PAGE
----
One afternoon we did physicals to some 100 children in a small school in the highlands outside of Patzun. Every child was malnourished, had bad teeth problems, and dehydrated. Most of the children also were underdeveloped do to the fact of being malnourished.

As stated in an article printed in the EconomistThat points to a failure of government in Guatemala. The Mayan population were the main victims of a long-running civil war between military dictatorships and left-wing guerrillas. Although democracy came, and eventually peace, social conditions have been slow to improve. Income inequality remains extreme, even by Latin American standards. Two-thirds of the rural population remains poor. Guatemala came second to bottom of a new index measuring inequality of opportunity in Latin America published by the World Bank last year. Whereas Guatemala City has shiny shopping malls, gated mansions and trendy restaurants, many indigenous Guatemalans scratch an inadequate living as sharecropping subsistence farmers. “These people were totally abandoned in the mountains with no infrastructure, no education, no health,” says Rafael Espada, the vice-president”.

Guatemalan people are great people, the Mayan’s have some awesome culture and are loving gracious people.

We are here to help these people and get the word out about what is happening in our neighboring country.

Please consider partnering with us to help these children that are caught in between starvation and political power.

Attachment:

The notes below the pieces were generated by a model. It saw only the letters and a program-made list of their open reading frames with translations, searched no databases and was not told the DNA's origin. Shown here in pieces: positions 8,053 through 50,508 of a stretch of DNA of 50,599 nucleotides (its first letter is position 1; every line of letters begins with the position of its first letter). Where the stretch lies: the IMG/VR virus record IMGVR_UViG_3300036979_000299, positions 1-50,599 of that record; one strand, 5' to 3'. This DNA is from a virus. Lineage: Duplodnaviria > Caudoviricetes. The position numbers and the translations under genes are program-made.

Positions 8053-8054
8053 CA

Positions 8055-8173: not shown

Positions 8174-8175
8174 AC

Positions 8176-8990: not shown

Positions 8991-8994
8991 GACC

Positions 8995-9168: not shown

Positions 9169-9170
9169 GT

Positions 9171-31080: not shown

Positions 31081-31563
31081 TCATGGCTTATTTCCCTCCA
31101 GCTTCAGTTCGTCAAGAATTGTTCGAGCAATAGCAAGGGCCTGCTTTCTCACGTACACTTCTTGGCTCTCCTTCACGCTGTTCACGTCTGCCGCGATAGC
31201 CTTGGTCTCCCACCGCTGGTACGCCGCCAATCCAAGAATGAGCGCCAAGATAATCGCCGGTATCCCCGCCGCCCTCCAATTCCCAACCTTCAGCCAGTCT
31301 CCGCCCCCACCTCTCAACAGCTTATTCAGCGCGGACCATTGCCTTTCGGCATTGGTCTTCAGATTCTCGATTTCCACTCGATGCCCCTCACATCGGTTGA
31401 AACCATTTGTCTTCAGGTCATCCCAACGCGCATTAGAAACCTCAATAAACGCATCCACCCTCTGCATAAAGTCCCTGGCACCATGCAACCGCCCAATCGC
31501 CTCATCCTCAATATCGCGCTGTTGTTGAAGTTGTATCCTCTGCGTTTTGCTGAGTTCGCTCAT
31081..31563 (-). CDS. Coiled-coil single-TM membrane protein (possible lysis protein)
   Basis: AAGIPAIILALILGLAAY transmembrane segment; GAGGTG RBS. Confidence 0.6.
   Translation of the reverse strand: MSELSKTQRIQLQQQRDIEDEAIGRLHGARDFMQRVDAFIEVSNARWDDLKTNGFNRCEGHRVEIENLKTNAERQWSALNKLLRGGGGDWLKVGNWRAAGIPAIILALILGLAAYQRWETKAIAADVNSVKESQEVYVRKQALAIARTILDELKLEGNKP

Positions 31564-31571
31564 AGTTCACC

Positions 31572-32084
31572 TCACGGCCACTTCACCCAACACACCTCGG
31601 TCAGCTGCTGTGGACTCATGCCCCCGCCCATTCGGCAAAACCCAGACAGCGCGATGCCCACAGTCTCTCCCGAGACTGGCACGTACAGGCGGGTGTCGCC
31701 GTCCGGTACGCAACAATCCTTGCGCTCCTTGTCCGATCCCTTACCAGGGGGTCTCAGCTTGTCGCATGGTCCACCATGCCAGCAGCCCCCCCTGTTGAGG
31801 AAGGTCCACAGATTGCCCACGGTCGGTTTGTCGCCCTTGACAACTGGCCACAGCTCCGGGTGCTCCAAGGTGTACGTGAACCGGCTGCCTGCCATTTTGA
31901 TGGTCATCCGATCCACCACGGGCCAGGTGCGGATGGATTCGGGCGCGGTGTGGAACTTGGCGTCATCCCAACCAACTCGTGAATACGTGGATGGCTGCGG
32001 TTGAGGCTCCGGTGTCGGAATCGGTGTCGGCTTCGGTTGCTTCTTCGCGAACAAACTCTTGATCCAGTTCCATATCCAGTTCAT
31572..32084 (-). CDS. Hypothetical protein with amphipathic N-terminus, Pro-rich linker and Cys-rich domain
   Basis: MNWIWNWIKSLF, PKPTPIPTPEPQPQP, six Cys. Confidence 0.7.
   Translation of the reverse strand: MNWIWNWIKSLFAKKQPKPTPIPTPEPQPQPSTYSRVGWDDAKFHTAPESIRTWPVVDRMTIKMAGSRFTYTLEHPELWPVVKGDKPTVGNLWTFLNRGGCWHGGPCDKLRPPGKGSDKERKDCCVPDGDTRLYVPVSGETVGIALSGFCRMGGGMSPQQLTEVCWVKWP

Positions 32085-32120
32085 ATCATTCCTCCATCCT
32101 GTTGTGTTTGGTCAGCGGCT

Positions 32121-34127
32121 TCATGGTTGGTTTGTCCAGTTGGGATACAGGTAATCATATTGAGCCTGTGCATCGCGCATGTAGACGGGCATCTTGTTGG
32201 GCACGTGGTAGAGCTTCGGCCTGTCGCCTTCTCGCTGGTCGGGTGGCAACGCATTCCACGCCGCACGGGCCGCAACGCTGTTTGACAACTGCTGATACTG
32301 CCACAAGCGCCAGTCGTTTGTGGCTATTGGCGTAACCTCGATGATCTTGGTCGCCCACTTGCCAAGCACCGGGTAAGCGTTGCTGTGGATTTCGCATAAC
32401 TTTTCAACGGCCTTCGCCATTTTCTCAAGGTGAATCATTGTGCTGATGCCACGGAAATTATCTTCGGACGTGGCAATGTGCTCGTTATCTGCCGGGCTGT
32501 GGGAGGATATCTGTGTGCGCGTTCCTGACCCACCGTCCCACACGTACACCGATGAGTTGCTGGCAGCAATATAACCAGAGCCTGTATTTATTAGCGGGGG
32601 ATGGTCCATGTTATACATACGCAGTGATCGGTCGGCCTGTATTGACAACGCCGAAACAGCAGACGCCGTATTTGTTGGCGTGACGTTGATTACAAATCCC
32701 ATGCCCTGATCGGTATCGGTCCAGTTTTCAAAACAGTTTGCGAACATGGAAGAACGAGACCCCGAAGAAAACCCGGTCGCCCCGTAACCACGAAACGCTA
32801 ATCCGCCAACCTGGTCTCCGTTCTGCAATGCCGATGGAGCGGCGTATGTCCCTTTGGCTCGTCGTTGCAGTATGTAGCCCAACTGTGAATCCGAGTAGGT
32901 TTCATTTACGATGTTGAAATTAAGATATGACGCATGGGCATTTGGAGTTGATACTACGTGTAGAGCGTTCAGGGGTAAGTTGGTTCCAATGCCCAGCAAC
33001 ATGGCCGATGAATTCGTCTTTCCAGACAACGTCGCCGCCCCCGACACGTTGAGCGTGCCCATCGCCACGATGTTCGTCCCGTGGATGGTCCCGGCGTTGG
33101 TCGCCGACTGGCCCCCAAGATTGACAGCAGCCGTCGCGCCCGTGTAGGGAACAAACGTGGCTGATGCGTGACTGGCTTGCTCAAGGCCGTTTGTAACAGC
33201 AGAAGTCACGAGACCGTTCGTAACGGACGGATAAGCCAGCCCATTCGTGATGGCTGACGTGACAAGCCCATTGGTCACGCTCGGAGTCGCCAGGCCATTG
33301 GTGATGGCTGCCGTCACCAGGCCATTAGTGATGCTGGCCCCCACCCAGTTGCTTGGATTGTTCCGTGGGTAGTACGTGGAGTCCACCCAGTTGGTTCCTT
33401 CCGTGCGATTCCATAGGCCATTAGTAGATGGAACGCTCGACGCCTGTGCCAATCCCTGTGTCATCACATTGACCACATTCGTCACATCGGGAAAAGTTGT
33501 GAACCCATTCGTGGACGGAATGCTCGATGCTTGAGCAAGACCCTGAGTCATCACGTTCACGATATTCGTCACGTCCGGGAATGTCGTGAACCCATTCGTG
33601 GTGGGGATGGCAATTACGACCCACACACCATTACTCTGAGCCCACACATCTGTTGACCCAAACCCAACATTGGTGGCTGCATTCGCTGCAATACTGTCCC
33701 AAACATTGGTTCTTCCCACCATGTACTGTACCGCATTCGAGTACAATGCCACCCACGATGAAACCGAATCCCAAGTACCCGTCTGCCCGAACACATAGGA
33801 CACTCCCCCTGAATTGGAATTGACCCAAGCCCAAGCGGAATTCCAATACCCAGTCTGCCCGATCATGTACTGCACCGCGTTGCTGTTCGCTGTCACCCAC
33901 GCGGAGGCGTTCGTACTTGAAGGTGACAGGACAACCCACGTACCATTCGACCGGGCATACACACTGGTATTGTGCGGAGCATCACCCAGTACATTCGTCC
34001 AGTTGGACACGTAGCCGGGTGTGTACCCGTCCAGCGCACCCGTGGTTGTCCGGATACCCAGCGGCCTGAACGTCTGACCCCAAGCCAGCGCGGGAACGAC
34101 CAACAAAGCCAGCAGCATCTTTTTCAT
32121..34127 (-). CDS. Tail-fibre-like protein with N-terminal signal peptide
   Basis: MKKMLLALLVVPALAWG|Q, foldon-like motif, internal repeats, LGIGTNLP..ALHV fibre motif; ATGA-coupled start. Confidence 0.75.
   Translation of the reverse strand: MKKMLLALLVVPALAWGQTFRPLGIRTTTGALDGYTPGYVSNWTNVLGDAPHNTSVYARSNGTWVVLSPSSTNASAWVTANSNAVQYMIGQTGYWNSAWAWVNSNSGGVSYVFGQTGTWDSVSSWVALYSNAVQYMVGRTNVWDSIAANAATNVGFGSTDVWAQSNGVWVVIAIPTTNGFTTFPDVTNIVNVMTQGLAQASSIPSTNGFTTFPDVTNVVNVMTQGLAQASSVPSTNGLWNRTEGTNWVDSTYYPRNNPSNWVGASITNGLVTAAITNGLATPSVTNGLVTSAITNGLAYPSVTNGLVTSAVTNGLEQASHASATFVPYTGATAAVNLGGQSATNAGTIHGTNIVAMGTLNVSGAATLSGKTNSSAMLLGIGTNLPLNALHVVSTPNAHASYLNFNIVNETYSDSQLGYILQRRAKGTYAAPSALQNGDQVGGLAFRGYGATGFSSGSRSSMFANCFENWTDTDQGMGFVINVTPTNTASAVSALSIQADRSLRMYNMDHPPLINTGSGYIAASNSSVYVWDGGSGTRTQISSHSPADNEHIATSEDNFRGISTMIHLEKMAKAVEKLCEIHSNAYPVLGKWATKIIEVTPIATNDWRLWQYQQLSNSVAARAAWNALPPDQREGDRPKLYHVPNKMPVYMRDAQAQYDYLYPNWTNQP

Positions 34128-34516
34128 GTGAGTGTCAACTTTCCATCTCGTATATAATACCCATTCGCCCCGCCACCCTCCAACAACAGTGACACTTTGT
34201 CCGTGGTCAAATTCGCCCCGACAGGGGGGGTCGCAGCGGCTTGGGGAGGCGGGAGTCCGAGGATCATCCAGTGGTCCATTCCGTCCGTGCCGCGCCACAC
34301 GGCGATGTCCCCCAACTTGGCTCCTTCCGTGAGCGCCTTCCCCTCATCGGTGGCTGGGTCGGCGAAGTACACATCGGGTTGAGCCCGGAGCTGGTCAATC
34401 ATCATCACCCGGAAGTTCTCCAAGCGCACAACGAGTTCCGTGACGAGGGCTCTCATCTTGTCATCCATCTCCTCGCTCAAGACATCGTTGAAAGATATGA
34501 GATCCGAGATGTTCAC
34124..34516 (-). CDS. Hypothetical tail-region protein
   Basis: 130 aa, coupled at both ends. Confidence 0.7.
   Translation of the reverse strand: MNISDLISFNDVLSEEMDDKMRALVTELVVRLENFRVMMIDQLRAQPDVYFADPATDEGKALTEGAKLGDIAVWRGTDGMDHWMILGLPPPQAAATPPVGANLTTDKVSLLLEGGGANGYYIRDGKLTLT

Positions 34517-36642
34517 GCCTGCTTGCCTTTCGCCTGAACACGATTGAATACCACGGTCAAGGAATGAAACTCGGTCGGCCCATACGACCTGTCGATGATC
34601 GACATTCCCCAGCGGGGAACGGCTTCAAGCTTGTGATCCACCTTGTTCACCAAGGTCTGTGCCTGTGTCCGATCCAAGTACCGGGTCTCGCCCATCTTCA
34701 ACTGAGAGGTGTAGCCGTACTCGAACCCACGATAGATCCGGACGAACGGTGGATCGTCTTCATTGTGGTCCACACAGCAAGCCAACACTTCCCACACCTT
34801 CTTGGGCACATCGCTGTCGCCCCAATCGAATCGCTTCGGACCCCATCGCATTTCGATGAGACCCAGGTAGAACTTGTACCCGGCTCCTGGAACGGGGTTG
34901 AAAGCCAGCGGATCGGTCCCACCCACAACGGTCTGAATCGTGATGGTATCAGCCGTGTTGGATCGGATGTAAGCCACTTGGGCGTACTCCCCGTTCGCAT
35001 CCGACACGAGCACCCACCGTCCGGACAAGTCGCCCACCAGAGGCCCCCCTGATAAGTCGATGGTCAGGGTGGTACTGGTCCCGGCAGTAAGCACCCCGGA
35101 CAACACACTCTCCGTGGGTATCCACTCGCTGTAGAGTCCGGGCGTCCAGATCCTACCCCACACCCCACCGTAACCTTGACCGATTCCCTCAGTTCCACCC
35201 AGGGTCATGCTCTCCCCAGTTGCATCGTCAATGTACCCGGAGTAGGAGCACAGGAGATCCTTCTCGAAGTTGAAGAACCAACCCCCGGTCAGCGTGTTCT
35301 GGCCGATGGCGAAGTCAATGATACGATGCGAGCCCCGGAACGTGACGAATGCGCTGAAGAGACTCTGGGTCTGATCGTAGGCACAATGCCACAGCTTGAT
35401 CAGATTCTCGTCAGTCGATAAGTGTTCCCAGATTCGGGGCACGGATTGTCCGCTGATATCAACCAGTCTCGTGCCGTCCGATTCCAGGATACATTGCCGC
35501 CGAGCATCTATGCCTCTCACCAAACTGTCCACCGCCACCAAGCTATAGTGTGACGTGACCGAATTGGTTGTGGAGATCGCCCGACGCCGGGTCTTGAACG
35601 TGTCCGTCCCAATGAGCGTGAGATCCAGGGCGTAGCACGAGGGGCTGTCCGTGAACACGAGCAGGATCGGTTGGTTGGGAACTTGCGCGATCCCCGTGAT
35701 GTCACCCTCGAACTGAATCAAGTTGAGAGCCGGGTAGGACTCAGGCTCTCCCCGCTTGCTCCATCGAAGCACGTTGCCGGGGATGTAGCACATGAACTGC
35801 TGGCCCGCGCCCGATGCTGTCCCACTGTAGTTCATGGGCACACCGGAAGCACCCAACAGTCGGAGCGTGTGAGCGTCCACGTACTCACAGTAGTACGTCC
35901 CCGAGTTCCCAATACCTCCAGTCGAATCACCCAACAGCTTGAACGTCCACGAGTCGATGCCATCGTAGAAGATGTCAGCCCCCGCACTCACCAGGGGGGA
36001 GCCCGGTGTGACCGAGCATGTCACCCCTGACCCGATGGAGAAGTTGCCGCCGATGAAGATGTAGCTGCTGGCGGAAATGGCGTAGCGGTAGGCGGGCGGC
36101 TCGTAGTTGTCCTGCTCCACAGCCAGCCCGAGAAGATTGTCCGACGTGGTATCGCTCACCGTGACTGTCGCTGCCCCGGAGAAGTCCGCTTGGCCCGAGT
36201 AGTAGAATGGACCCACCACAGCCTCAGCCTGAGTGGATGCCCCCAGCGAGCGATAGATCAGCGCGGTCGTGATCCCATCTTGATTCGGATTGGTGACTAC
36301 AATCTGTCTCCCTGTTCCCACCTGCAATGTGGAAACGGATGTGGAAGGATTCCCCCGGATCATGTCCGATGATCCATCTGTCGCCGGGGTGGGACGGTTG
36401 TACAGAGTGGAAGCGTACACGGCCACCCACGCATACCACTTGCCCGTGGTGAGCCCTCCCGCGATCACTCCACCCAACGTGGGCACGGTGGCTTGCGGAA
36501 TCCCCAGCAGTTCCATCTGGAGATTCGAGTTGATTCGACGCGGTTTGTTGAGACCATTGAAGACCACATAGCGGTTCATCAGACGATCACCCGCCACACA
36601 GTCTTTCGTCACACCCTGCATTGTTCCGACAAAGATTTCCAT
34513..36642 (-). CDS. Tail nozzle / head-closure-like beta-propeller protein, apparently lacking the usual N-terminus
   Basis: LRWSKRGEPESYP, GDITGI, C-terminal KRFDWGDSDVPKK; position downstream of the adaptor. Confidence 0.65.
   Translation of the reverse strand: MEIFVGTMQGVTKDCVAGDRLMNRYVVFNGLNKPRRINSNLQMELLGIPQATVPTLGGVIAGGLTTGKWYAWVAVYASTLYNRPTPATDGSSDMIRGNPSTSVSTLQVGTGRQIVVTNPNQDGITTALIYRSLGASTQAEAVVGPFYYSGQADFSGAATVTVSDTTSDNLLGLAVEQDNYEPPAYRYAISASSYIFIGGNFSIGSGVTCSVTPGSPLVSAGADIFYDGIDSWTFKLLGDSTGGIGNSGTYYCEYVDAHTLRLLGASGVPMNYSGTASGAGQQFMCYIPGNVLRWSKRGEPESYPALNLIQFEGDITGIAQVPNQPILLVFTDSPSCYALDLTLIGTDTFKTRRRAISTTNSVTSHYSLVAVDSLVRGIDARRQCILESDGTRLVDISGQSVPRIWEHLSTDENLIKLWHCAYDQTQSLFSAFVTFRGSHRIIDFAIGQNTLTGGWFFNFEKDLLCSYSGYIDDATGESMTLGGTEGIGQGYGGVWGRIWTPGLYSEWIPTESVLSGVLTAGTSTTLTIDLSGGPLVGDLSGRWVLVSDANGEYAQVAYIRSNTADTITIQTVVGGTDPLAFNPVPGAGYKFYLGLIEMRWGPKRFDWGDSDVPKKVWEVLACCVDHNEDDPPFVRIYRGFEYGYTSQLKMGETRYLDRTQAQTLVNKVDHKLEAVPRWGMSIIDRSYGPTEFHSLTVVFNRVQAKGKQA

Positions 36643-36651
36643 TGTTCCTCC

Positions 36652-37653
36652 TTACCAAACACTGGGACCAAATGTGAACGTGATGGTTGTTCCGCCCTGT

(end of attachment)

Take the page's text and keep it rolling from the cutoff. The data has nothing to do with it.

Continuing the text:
Wash Day in Antigua Guatemala

Now can you imagine your wife giving up the convenience of washing clothes at home and going down to the wash station in town to wash clothes by hand? Probably not! But that is what most Mayan women do in Guatemala. Here is typical scene of everyday life in Guatemala.

Lake Atitlan Guatemala

To Me this is one of the best places in Guatemala or the world. I just love this part of Guatemala. The gorgeous volcano's that line this awesome creation of nature. The people in the villages that dot around this magnificent lake are really loving Mayan people. I cant wait to one day I get back to this piece of heaven.

Lghting candles to Saint San Francisco

I am taken back by the beauty in this photograph from Guatemala. This Mayan woman lighting candles to the Saint San Francisco. I believe this picture was taken in Antigua Guatemala.

Home cooked meal

How would you like to cook everyday over an open fire. We get so spoiled here in the U.S. with our conventional stoves. Most people would not know what to do if they had to live like this.

Window in Antigua

window in Antigua
Originally uploaded by Zé Eduardo...
Another awesome photo. I just love the colors in this picture. I love pictures of windows and doors. I have always had a fascination with the windows and doors of Guatemala especially.
This is an spectacular picture.

Mother carrying baby

What a picture taking moment. This is a common scene in Guatemala. I love the colors of the indiginous clothing and the wrap that is holding the baby. What awesome stiching in the hupil. A perfect picture.

Francisca y su bebe, familia de Almolonga con quienes vimos el desfile en Quetzaltenango.

Such an awesome picture. I just love the smiles on these Mayan people. They have so little, but they are so warm and friendly and when they smile, there smile is from ear to ear.

Santa Clara Arch, Antigua Guatemala

This is such an awesome place. Antigua is so beautiful with such great architecture like this spectacular arch of Santa Clara. This is truly one of the most photographed places in Guatemala.